1. October 29, 2016
I had high hopes for a little area in the fall. Unfortunately, others had the same thought; when I got there it was a sea of footprints. I returned late in October after a good, hard rain. The rain exposed some items that had been buried when others had searched there before. This was fun to spot.
It is more narrow than most of the points I find in this shape. Squibnocket Stemmed, I would call this. I am very pleased with this find despite the damage to the tip.
I found a little triangle too. Typical shapes and material for southern New England.
2. November 14, 2016
I found a broken stemmed arrowhead, along with many relics of more recent men. I don't usually keep little ceramic pieces but I do keep the buttons. I find a lot more arrowheads than I do old glass buttons. All of my finds are surface finds in disturbed contexts, so prehistoric stone tools, 18th century pipe stem pieces, 19th century porcelain, and crushed beer cans are all found together.
3. Thanksgiving Day 2016
I spent some time searching in the morning before having dinner with my family. For me, Thanksgiving is in part a commemoration of historical events. Looking for arrowheads is a good time to contemplate those who came before. The broken triangle at top would have been a nice point when it was made. At right, the tip of something made from rhyolite. This material may have come from Maine.
4. December 11, 2016
This is one of those days that I will remember as a good day. There is an area where I go that is very hit-or-miss. A lot of the time I find nothing but then sometimes I find a lot, and on this day... Well. The conditions were very good and I didn't see any footprints from others. I got there early and had a good feeling. This was the first thing I spotted out there. I wasn't sure about it, a pointy rock, maybe something, maybe nothing.
Here is everything cleaned up at home.
5. December 14, 2016
On December 11 I had searched nearly the whole area I was walking in. I had ignored a nearby area that is less productive. Back at home, looking at a handful of finds, I found myself wondering over and over about the area I had skipped. Perhaps I should have been more thorough. So, a few days later- back I went. I'm glad I did! This was fun to spot:
And there was this, just waiting to be picked up, impossible to miss.
Yet another handful of stuff! Persistence pays off with a lucky streak.
6. December 18, 2016
Heavy rains swept the ground as the region was hit by a winter storm. I knew that the torrents of water were churning the ground and washing out more rocks, stone tools among them. I eagerly returned to the area where I was having so much luck, only to find it a soupy and nearly impassable morass of mud. With every step, I sank deep into the mire. 100 feet from my car, I found myself in despair, wondering if I would make it back to safety. The mud was so deep, so sticky, I feared that if I fell forward I might drown. It was the worst mud I have ever encountered while looking for arrowheads. I was relieved to get out of there. In the few minutes I was floundering around, I found a couple of projectile point fragments, both stemmed bases. I drove to a different area where I searched for a while but found only one corner of a triangular point.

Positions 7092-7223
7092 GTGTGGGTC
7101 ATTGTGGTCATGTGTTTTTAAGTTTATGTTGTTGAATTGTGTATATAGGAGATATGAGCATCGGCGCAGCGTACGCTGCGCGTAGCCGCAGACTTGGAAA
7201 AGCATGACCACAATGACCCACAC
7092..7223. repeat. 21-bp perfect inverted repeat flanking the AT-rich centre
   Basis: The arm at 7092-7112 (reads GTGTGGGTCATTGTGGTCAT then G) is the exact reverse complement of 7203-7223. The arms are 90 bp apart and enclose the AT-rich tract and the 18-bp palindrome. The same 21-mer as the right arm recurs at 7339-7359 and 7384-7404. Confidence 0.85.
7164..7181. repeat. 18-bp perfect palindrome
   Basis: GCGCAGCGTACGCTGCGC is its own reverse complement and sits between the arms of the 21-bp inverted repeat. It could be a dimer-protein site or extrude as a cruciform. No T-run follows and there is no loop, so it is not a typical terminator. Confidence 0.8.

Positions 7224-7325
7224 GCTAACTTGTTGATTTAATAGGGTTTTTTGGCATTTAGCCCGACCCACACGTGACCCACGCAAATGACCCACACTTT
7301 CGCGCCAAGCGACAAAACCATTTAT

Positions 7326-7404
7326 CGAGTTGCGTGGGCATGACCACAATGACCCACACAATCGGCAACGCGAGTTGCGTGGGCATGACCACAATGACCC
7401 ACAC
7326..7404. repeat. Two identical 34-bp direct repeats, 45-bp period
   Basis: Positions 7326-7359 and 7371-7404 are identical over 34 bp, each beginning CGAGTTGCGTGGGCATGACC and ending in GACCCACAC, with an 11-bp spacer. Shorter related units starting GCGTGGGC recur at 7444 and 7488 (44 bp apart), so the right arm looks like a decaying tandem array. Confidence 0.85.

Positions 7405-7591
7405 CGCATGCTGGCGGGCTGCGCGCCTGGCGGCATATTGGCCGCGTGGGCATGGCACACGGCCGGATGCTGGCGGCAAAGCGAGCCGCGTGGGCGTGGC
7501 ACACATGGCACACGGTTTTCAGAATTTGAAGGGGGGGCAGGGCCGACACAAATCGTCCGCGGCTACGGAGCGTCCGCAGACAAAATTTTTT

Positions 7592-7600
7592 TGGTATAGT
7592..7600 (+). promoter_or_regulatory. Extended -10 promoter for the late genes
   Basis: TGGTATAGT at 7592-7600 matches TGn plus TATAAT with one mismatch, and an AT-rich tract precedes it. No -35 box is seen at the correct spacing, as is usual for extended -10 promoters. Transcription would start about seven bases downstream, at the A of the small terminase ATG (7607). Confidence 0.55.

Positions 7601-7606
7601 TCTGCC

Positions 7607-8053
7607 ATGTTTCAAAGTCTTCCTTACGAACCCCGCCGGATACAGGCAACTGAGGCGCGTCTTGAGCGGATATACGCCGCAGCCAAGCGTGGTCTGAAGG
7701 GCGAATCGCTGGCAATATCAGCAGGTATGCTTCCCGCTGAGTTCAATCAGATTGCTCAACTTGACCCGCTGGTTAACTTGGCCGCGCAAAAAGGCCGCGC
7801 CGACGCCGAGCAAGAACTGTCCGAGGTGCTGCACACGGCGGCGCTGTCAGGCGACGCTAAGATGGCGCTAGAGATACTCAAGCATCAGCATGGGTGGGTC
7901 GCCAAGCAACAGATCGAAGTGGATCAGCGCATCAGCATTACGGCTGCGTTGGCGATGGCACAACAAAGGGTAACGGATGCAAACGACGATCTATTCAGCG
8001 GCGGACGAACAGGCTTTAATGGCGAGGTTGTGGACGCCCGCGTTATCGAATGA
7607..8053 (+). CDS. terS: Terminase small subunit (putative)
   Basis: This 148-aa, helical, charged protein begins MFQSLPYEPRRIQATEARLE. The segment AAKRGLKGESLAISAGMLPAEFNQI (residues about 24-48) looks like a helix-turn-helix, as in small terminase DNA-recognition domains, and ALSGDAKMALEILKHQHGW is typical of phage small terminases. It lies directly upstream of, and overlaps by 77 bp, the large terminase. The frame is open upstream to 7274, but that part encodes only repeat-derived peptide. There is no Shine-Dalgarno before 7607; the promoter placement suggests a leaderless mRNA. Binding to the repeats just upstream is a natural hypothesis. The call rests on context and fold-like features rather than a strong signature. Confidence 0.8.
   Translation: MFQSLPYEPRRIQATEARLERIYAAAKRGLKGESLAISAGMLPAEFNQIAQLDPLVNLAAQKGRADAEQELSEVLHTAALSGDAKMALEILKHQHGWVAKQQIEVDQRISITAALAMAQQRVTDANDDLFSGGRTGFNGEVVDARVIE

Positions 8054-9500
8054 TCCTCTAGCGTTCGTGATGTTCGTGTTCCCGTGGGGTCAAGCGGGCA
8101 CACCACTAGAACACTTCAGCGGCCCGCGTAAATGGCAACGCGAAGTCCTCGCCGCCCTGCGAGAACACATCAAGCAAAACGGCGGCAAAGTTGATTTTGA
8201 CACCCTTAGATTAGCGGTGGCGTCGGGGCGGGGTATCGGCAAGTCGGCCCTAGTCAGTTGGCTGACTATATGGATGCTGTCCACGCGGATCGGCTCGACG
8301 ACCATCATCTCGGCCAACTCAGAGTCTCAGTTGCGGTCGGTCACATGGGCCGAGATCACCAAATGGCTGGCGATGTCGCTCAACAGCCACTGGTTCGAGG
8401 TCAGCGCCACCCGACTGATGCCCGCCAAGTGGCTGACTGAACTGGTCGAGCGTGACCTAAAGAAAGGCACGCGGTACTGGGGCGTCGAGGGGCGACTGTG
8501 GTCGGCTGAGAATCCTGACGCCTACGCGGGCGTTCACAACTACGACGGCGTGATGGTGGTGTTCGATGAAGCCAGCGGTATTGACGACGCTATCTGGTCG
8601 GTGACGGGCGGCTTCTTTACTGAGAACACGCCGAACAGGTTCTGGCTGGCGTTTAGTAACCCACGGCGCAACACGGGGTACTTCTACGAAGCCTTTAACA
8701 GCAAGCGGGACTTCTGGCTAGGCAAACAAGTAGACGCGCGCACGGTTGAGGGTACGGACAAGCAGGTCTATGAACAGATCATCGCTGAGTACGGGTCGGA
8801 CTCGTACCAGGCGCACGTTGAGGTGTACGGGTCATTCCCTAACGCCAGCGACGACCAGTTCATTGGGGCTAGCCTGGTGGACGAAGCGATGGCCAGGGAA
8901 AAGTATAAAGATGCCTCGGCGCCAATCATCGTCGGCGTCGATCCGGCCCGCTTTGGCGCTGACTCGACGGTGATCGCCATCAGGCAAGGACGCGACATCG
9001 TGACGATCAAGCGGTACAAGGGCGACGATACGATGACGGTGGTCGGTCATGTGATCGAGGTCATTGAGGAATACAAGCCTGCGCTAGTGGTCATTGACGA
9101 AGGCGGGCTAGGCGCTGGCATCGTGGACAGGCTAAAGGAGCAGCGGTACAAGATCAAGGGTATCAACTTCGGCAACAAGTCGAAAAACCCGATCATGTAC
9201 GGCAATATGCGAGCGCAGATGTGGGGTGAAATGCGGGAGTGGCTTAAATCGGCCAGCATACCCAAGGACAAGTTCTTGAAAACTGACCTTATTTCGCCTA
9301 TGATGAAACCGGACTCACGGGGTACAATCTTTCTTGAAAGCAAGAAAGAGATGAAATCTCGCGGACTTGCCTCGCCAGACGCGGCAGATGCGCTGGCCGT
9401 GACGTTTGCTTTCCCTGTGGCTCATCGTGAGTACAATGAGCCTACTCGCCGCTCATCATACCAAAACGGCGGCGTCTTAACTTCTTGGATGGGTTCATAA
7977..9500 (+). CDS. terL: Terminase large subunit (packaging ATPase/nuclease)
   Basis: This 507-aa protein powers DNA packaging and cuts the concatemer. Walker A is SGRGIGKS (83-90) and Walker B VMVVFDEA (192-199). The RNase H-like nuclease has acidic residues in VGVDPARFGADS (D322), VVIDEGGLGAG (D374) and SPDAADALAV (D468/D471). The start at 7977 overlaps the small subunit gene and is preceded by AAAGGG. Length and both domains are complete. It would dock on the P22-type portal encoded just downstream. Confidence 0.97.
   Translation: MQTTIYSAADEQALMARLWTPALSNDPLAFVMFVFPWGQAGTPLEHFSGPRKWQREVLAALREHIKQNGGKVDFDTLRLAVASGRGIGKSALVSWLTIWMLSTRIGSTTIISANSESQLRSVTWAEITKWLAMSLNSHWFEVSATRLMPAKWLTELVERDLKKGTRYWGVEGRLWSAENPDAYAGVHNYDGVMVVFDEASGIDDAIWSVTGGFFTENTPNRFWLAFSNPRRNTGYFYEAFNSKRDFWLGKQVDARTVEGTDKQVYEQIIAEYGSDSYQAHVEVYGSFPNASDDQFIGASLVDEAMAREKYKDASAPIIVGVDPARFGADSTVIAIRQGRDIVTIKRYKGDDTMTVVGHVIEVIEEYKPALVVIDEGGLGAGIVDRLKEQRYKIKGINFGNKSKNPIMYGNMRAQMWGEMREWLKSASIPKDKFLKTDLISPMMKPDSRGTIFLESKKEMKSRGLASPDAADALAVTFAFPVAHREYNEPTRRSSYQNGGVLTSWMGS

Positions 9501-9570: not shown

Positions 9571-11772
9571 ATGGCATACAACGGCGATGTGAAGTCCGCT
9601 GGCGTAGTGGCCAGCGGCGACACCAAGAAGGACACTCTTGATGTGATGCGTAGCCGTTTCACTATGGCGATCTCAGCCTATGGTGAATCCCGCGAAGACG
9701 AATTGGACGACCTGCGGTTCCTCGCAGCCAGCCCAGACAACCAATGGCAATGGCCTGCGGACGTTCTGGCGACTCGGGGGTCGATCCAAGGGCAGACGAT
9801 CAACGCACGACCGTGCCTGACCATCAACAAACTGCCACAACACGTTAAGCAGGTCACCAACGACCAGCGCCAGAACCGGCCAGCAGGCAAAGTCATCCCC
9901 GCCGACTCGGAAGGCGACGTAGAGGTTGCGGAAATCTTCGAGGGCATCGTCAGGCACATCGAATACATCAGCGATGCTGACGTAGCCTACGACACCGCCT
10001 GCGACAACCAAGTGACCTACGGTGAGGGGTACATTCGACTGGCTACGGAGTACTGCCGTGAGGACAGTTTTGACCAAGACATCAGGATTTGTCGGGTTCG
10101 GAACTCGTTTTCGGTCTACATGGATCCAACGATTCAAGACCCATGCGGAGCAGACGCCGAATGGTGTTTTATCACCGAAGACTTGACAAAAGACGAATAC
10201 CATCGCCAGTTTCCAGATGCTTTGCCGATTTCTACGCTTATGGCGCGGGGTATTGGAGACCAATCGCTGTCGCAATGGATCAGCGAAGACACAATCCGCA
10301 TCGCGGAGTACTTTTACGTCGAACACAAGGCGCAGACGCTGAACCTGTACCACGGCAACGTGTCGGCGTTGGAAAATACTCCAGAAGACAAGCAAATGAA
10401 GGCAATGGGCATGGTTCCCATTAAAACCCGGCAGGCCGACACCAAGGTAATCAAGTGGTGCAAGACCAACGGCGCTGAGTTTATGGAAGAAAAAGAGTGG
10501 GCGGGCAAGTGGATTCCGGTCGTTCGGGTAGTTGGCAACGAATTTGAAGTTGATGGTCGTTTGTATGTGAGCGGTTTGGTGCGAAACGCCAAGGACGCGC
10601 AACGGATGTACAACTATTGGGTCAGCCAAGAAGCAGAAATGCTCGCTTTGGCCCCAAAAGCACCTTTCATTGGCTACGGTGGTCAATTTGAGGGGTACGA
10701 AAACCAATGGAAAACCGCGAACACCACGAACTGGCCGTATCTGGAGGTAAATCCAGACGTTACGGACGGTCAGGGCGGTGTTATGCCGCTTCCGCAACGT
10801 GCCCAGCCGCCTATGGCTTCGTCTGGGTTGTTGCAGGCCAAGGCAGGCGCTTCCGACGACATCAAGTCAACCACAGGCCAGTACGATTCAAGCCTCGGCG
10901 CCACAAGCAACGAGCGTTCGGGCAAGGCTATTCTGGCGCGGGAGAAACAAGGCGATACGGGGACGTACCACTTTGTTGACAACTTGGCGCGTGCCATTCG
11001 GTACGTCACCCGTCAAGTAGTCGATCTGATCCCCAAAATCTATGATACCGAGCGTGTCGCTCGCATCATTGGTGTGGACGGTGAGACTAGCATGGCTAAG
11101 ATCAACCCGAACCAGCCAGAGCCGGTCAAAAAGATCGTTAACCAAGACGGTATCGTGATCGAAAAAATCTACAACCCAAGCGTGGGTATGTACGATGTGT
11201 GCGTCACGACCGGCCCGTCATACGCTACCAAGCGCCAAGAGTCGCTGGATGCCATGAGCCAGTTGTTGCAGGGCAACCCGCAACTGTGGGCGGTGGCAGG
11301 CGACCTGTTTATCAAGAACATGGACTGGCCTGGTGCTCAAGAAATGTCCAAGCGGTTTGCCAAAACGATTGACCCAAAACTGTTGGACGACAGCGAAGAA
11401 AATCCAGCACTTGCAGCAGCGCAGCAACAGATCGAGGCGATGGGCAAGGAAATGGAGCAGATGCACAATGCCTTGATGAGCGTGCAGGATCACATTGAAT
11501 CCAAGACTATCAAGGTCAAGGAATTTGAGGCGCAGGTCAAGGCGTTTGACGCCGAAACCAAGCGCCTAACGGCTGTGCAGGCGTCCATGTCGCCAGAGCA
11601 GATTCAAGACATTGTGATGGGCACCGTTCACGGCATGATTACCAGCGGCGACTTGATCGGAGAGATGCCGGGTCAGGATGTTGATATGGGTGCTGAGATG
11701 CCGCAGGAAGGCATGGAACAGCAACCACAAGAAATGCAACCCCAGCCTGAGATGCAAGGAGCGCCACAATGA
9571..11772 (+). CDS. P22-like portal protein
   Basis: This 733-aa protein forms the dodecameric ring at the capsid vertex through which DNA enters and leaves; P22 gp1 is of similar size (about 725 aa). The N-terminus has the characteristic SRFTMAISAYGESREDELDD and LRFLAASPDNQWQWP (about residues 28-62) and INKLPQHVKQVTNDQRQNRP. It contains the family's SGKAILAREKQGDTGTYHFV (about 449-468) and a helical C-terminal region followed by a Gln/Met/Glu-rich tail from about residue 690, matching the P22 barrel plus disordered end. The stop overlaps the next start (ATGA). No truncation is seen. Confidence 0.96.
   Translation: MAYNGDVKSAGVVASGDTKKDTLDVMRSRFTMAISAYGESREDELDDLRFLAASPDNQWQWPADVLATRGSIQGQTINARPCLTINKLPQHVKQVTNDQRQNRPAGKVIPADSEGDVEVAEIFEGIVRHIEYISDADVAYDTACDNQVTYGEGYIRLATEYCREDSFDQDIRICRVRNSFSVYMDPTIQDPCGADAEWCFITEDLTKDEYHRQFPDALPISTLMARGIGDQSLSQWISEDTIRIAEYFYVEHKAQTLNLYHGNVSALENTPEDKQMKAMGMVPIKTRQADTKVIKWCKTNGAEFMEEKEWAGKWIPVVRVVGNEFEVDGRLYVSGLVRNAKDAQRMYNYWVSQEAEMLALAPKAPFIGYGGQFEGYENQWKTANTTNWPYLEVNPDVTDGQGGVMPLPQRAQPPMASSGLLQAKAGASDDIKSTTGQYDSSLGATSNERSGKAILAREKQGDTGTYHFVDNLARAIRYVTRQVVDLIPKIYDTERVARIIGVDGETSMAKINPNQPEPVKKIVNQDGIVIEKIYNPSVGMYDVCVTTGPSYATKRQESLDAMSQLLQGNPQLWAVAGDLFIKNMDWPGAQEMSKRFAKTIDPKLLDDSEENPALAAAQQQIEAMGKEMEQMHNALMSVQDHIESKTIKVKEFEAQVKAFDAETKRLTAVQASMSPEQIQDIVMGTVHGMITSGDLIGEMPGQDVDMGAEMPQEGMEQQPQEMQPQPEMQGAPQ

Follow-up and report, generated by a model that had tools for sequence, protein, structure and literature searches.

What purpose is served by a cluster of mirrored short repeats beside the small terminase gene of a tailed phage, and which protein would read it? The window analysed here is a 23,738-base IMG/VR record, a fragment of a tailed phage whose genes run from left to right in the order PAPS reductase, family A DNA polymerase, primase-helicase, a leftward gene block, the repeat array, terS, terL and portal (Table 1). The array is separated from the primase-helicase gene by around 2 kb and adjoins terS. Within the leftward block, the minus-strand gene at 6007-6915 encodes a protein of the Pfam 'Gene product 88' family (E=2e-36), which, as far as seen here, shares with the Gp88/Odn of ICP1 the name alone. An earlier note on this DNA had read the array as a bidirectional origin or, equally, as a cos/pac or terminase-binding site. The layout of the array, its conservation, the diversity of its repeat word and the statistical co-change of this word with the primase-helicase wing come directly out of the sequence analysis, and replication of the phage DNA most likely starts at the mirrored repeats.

7. December 23, 2016
Back to the productive spot. Had the mud subsided? Only partially. I found a couple of big chunky artifacts. I don't know if these are preforms or scrapers, or some other kind of crude tool. I have not been back to this spot since, it is now covered with snow. When the snow melts I will be there again.
8. Christmas Day 2016
There is an area that once produced many arrowheads for me, that now yields very little. I found what there was to find; the ground keeps its secrets, and what is below the surface remains buried. I still walk there and remember the fine points I once spotted on the gentle slope and at the hilltop. I study the ground and think of the people who once lived here as I turn over flakes I left behind on previous visits. This was kind of fun to spot. But it is just a fragment.
Besides this, I found a broken piece of a scraper and another fragment of a triangular point. Better than nothing. I will keep these and record these finds together with the others from that place. Perhaps some future archaeologist will appreciate the assemblage I have collected from this site.
Back in the car, headed home, I drove by an area where I have found some things in the past. Not a lot, but some decent points. The vegetation on the ground there is thick, conditions generally poor. To my shock, on this occasion, all of the vegetation was gone. In its place- bare earth. I could not believe my eyes. A lucky thing to find. I knew the chances of finding an arrowhead in those conditions were extremely high. I found this, not much to look at but this is part of a Stark point, made of red felsite.
Not long after that...
It was, for me, a merry Christmas.
I'm not sure what type this is. Atlantic, perhaps, or maybe a Neville. It is a bit beat up but I love it.
9. January 15, 2017
Back in that same place again. Hoping that rain might have exposed something new. But, there is not a lot to find here. This tiny little quartz triangle was my first and (so far) only projectile point find of 2017. It is complete and interesting because it is so small. I can't know what the year will hold in store for me, it is impossible to predict. I am optimistic but for now, until the thaw, I have to wait.